Ice safety workshop to be held this weekend

People on the ice in front of Mendenhall Glacier. (Photo by Heather Bryant / KTOO)

People on the ice in front of Mendenhall Glacier. (Photo by Heather Bryant / KTOO)

Juneau’s fickle winter is prompting lots of warnings to stay off lake ice.   And on Saturday, Capital City Fire and Rescue and the Forest Service will hold ice safety training at the Mendenhall Glacier.

Events this winter at the glacier show just how unstable ice can be.

Rocks are sliding off Mount Bullard, Mendenhall Glacier is constantly calving, and Juneau has been in a freeze/thaw weather pattern for weeks.

 The natural events that happen just tend to make that ice very unsafe.    

Capt. Dave Boddy says it could even be a lethal combination.

Boddy is a first responder when someone falls through the ice in Juneau, a place with lots of lakes and ponds and opportunities to venture out during the winter.

He also understands the events that make ice unsafe.

Like a recent rockslide down Mount Bullard near popular Nugget Falls.

The scar down Mt. Bullard from a recent rockslide. Photo courtesy of Laurie Craig, U.S. Forest Service.

The scar down Mt. Bullard from a recent rockslide. Photo courtesy of Laurie Craig, U.S. Forest Service.

Forest Service Naturalist Laurie Craig first spotted it late last week through the telescope in the Visitors’ Center observatory.

“This is just so obvious on the landscape, which is just sort of speckled with white and dark, and there’s this huge gash just right down, sliding down Bullard mountain,” and onto the ice, Craig says.

Another Mount Bullard landslide in late November actually created a tsunami under the ice.

University of Alaska Southeast Geologist Cathy Connor says this year’s freeze / thaw, rain/ snow cycle is compounding Mount Bullard’s rock slide activity.

“If you dump water into rock fractures and then freeze it, it acts like a hydraulic jack.  So you do that over a lot of seasons for a long period of time, it doesn’t take much to set it off,” Connor says.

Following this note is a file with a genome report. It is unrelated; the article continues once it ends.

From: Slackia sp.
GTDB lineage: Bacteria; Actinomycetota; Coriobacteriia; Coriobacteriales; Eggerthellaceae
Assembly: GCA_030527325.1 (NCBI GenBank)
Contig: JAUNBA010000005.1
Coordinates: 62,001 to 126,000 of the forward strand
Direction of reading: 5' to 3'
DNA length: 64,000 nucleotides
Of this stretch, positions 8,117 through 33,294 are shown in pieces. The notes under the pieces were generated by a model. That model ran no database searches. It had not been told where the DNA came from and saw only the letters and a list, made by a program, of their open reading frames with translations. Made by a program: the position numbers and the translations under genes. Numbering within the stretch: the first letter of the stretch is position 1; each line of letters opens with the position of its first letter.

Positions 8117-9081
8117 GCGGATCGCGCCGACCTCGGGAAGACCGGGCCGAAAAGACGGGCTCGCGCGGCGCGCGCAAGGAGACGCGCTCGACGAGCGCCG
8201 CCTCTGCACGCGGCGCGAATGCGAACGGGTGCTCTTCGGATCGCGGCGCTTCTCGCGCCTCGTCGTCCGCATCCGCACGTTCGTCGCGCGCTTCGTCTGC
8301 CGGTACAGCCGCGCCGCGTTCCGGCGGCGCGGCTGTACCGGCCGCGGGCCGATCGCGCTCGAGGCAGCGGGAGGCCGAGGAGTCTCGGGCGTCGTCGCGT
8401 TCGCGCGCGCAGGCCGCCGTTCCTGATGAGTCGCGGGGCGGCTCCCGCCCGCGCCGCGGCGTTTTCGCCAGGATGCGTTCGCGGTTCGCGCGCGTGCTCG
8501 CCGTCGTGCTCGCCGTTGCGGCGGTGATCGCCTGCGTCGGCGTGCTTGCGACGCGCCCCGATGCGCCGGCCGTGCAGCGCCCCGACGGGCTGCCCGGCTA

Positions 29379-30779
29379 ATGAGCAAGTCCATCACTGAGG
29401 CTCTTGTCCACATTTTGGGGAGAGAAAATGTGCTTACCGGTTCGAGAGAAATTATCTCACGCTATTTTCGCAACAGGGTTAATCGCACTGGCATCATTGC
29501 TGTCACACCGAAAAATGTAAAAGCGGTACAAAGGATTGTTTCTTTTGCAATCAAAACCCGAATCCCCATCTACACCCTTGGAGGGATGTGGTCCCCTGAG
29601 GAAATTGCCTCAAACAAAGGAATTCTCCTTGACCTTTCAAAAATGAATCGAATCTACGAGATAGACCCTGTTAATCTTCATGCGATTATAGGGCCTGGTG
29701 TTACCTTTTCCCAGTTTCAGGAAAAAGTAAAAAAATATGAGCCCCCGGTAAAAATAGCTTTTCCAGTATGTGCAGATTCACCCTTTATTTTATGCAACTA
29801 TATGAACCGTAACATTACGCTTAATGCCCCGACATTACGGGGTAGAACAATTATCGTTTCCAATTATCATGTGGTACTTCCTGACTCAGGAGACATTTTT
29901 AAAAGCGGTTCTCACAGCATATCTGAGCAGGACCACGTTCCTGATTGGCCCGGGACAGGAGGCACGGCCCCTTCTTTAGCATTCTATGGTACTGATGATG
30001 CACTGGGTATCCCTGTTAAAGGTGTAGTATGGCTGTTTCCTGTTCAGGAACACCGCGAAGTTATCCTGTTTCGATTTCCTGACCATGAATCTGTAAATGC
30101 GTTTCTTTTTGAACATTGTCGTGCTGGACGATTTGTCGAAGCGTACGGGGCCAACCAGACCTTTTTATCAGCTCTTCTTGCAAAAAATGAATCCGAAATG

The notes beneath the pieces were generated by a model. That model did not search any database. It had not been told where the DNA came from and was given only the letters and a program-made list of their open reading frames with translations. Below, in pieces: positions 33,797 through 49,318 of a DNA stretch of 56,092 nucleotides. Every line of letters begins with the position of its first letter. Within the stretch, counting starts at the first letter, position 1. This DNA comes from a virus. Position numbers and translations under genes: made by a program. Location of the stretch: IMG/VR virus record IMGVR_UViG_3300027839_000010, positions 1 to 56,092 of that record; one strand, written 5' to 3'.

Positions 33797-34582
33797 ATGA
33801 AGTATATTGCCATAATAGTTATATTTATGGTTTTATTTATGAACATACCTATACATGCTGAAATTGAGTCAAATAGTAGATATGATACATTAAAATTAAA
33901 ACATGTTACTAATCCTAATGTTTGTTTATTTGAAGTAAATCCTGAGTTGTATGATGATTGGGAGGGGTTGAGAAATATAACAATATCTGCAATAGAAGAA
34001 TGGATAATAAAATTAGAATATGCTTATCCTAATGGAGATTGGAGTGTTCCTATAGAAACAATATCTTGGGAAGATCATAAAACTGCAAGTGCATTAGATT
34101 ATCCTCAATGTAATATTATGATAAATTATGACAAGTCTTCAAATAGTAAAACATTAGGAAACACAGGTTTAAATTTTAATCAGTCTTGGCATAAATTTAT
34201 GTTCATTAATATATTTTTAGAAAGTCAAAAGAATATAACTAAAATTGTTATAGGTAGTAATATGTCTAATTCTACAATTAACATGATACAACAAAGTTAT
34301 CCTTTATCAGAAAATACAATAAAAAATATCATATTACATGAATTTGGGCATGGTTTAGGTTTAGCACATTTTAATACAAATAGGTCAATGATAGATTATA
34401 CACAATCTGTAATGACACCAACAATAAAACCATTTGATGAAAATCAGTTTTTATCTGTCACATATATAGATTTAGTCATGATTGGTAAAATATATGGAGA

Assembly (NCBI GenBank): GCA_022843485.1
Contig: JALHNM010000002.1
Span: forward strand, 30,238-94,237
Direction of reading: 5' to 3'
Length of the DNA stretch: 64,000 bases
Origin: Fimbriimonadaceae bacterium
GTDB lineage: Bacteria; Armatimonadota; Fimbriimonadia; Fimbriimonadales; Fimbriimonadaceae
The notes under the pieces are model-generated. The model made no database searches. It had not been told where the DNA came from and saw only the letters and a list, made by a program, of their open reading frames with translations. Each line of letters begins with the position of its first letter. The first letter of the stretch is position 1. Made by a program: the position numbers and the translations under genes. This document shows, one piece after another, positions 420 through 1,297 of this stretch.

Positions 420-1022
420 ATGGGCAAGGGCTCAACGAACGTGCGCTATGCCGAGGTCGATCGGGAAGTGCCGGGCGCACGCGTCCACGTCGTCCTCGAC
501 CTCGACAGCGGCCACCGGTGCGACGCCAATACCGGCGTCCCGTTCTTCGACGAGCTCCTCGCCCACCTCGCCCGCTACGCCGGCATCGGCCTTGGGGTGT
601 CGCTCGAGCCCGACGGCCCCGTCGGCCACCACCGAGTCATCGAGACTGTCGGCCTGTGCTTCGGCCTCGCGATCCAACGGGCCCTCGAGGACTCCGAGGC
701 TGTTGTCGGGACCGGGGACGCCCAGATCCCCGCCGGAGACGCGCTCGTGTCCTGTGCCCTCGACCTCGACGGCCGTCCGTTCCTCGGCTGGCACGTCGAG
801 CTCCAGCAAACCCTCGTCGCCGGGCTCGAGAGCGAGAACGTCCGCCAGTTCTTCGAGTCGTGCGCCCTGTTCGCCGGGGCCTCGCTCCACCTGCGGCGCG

Then there are the ice bergs.  Naturalist Craig often sees skiers and skaters approaching the beautiful blue bergs, though like the glacier, those bergs are always on the move.

“So even though they’re frozen into the lake, there are still changes happening because they are thawing underneath the lake ice in the water,” Craig says, “because there’s still a current flowing.”

So what do you do if you ski into an open hole of water under the snow and fall through the ice?

That’s one of the questions Capital City Fire and Rescue’s Captain Boddy and Captain George Reifenstein will answer during Saturday’s workshop.

“What are you going to feel? How long do you have that you muscles and your body is continuing to work and kind of do what you want it to do and what are the best techniques for either getting out of the hole or staying alive in a hole until somebody gets you,” Reifenstein says.

The water under that ice is likely to be in the mid to low 40s this time of year.

With the recent warming trend, Reifenstein says there are about 3 to 4 inches of slush on Juneau-area lakes. The ice underneath varies in thickness.

“I was auguring Auke Lake over the weekend and under the slush there was probably five inches of ice in the place that I augured,” he says. “But over at the glacier near the Visitors’ Center we went down through a foot of ice, under 4 inches of slush.”

Capital City Fire and Rescue’s ice rescue team was formed in 1992.  Reifenstein and Boddy have been training and teaching others about ice safety ever since.  Boddy says people often assume Mendenhall Lake ice is really thick because it’s in front of the glacier, but that’s not the case.

“One of the biggest fears we have is the instances that have traditionally happened in other parts of the country where people fall through the ice and other people try to go out and rescue them and they end up becoming victims themselves,” Boddy says. “That’s one thing we’re really trying to avoid is compounding the situation by getting more people stuck in the ice.”

Saturday’s ice safety training will start inside the Visitors’ Center and include video from Canadian researcher Dr. Gordon Geisbrecht, also known as “Dr. Popsicle” for his cold water immersion studies.

Then the Juneau team will move outdoors for an actual rescue from an icy pond next to the Visitors’ Center.  The guinea pig from CCFR will be wearing an immersion suit.  That’s usually not the case when most people fall through the ice.

Saturday’s ice safety training begins at 1:30 p.m. at the Mendenhall Glacier Visitors’ Center. The event is free.


(Editor’s Note: An earlier version of this story said the event begins at 11:30. It actually begins at 1:30 p.m. The story has been updated to reflect the actual time of the event.)

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